A cute baby learning to crawl with the family dog watching. What could be more adorable, right!? Add a little music and a great title and capture hearts all over the world! There is always the “awww” factor that romances us…no doubt about it. We love seeing different species living together in harmony.
We add our own storylines and our own interpretations to what we see other species doing. Sometimes our human interpretations are correct, but often they are not. As humans, we naturally interpret dog behavior in light of the human emotions that we are familiar with. We tend do this in place of actually observing what dogs are communicating through their own canine body language. Often the focus is on what we want to be seeing the dog do, rather than what we are actually seeing the dog do.
The most recent dog and baby video that went viral has great elements to talk about and to consider. Is this cute? safe? Why does it matter?
Lets take a look at the ingredients that caused this video to go viral.
- Adorable baby
- Cute dog
- Triumphant Music
- Effective heartwarming title
Many images and videos that go viral have these same ingredients. I invite you to look past the emotional magnets of these types of media and consider what happens outside of the “Kodak moment.” Will the expectation be that this dog or any other should respond the same way?
Let’s think for a moment about the daily child encounters/interactions that we expose our dogs to repeatedly. How much is enjoyed? Tolerated? Put up with because our dog would like to be with his adults but maybe not the baby?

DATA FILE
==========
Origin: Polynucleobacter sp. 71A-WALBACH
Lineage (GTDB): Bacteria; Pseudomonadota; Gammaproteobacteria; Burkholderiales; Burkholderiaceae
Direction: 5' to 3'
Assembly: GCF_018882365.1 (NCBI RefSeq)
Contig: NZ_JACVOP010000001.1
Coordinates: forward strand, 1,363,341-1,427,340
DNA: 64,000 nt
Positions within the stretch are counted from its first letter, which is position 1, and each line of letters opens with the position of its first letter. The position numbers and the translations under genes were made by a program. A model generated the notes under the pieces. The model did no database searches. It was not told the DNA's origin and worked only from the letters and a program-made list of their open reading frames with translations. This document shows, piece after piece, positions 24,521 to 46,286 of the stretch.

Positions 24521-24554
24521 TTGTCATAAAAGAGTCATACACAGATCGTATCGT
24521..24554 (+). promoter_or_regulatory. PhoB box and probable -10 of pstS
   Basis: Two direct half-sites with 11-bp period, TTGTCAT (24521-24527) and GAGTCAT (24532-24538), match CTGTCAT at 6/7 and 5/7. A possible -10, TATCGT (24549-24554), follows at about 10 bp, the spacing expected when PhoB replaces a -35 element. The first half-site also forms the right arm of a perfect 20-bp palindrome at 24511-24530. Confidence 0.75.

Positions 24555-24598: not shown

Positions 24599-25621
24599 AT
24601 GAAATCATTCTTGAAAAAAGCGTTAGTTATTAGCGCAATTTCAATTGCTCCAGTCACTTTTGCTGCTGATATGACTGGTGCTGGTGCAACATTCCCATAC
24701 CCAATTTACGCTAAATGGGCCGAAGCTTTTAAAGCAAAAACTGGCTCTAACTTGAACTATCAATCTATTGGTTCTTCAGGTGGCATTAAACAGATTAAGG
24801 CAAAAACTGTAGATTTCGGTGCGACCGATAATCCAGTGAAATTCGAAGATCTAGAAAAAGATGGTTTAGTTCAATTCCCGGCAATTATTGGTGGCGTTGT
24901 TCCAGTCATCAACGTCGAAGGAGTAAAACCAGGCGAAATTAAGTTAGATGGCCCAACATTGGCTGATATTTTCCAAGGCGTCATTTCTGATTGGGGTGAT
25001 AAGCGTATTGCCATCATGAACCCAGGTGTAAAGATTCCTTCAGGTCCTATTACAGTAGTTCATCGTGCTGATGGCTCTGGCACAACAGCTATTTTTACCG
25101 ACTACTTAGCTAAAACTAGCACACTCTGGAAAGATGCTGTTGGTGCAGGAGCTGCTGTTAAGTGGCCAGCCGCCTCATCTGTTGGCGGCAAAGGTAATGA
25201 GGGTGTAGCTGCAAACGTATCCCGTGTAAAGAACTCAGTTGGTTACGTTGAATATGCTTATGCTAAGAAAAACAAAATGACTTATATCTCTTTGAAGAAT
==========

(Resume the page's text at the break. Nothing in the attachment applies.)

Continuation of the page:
We offer a monthly webinar for families on this fun and important topic called Crawling babies…conflicted dogs. Here are just some things to consider about this exciting crawling stage.
Crawling is a huge milestone celebrated by parents and babies! It opens up an exciting new world of exploration and opportunity for baby! This can be a major game changer for family dogs who have, until this stage, adjusted beautifully to life with baby.
Dogs rely on body language. Baby’s body language changes dramatically with this change in mobility. A baby crawling toward a dog is now approaching the dog head on at eye level. This can be very unsettling for even the most relaxed of family dogs.
Why is crawling so unsettling for dogs? Oh, so many potential reasons. Think about it…it is even unsettling for the human parents at times!
Crawling babies are eager, oddly unpredictable, little humans on the floor. They are now sharing the same floor space that was formerly reserved just for the dog. This little human is now directly facing and approaching the family dog’s space in an unpredictable manner. Often babies want to approach and grab the dog or reach toward the dog and crowd the dog’s space. This can be very distressing for many dogs.
Has anyone explained this new development to the dog? How is a dog supposed to learn that an approaching eye-level baby is “safe” or non-threatening? We expect that dogs will accept this stage since they have done so well with the infant stage but…what we don’t account for is that now our dog may feel truly threatened and may have become fearful of the crawling baby or at least very conflicted about how to respond to the newly mobile baby. Dogs really need to rely on the adults in the home to give them guidance at these times.
This video stirred up a great subject. We could talk all day about what I see or feel about this particular video but that really is not important. What is important is that we reevaluate our expectations of dogs during this fast paced, gross motor developmental stage and provide tools for both dog and baby to feel safe and comfortable.